Sin Cityis a comic book for grownups—specifically for grownups who appreciate film noir.

Film noir, as a genre, lacks a specific definition. Landmark noir films are characterized by a prevalent darkness, both visual and spiritual. The "heroes" find themselves in difficult situations, where they have to rebel against the system to achieve their goals; thus noir often focuses on criminals driven by necessity or do-gooders reluctantly employing desperate, violent, illegal methods. Authority figures are typically portrayed as corrupt. Most have a femme fatale—an exaggeratedly sensual woman who spells trouble for the conflicted protagonist. Villains often make an impression by exhibiting an air of amusement as they inflict cruel and unusual punishment. Innocent people are rarely involved, but when they are, they suffer greatly.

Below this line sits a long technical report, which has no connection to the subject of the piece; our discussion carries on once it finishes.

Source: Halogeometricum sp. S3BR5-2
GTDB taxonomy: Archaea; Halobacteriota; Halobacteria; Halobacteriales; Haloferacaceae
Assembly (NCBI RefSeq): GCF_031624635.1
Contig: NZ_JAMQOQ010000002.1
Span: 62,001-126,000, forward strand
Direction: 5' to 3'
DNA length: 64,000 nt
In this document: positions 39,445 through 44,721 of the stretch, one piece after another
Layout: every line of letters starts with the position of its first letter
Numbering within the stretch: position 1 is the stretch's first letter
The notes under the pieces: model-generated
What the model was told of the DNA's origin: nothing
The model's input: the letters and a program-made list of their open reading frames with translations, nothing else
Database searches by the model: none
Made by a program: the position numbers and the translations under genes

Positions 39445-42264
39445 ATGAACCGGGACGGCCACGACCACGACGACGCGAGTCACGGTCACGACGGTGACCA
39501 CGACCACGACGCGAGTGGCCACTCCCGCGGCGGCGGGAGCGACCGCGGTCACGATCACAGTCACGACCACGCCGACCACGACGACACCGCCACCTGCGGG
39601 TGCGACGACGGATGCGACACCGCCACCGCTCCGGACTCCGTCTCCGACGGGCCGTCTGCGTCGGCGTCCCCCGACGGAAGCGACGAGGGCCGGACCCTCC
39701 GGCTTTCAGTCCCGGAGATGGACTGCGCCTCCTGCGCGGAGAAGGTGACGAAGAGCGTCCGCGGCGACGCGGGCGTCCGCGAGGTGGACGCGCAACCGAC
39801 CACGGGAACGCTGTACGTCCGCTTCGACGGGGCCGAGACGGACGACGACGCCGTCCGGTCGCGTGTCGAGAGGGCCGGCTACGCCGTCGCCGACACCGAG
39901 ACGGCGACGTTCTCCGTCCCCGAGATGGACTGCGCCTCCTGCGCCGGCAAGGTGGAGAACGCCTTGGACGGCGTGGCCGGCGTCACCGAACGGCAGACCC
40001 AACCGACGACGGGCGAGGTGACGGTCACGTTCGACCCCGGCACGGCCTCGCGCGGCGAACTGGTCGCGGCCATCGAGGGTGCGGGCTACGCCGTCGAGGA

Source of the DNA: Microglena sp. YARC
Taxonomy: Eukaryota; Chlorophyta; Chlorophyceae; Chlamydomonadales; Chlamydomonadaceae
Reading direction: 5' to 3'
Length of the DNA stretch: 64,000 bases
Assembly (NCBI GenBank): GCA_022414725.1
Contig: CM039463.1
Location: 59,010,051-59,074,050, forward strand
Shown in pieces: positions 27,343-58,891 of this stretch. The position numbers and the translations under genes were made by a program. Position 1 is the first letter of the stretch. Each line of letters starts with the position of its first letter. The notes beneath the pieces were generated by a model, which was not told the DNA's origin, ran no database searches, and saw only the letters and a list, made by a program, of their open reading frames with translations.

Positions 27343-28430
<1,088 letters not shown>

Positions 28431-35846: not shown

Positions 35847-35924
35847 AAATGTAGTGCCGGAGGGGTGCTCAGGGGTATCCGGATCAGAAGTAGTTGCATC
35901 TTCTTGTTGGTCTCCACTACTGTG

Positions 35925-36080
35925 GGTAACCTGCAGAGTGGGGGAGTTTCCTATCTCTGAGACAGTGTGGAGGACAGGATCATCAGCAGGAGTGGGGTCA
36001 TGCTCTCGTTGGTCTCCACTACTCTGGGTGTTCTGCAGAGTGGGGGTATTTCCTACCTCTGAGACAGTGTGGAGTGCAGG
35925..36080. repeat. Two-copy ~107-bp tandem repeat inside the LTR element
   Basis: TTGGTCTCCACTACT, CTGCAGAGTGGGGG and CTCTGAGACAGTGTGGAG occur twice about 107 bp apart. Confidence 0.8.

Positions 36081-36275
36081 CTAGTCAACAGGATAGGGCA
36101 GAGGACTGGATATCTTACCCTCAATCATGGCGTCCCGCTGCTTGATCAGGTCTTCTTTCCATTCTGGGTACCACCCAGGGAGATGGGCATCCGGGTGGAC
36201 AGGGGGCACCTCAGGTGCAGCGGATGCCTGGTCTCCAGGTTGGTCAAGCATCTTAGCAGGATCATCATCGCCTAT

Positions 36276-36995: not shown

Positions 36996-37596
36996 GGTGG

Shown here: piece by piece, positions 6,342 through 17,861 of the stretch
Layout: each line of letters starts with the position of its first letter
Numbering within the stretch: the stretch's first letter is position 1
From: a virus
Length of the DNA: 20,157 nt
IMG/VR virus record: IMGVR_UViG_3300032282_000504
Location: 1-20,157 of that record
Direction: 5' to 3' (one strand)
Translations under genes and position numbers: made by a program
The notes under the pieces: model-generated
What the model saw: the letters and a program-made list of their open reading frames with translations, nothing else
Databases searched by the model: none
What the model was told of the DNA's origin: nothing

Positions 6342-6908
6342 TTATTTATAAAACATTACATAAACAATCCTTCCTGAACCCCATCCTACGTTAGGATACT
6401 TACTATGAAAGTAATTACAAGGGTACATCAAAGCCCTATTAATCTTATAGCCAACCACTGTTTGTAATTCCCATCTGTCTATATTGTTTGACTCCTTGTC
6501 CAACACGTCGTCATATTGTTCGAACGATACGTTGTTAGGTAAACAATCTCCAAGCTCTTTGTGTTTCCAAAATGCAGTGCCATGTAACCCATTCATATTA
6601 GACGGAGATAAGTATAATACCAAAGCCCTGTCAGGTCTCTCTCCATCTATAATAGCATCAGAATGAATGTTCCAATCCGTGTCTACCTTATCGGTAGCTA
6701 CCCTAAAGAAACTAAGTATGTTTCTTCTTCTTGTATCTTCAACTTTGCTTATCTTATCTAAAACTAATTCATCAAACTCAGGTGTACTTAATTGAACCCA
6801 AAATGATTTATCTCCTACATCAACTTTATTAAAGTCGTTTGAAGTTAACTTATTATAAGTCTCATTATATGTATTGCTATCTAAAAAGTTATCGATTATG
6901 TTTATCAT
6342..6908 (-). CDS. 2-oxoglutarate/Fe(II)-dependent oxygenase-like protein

We're left with an abiding sense that film noir characters live in a godless world, alone to mete out their own messy justice. We wouldn't want to live in a noir world, but as an exercise in storytelling about what the world looks like to those without faith, it has its merits. For a thorough exploration of noir's history as a style and a genre, read this summary by Eddie Muller (GreenCine).

Chinatown is considered a masterpiece of film noir, and so is Blade Runner—the supreme work of sci-fi noir—but American film noir had its beginnings from the '30s to the '50s. Classics include Double Indemnity, The Big Sleep, The Maltese Falcon.

Sin City takes noir a step farther. It takes the conventions of the genre and exaggerates them to the edge of lunacy. A colleague of mine described it as "camp noir." Director Robert Rodriguez, creator of El Mariachi and the Spy Kids franchises, uses startling, ...

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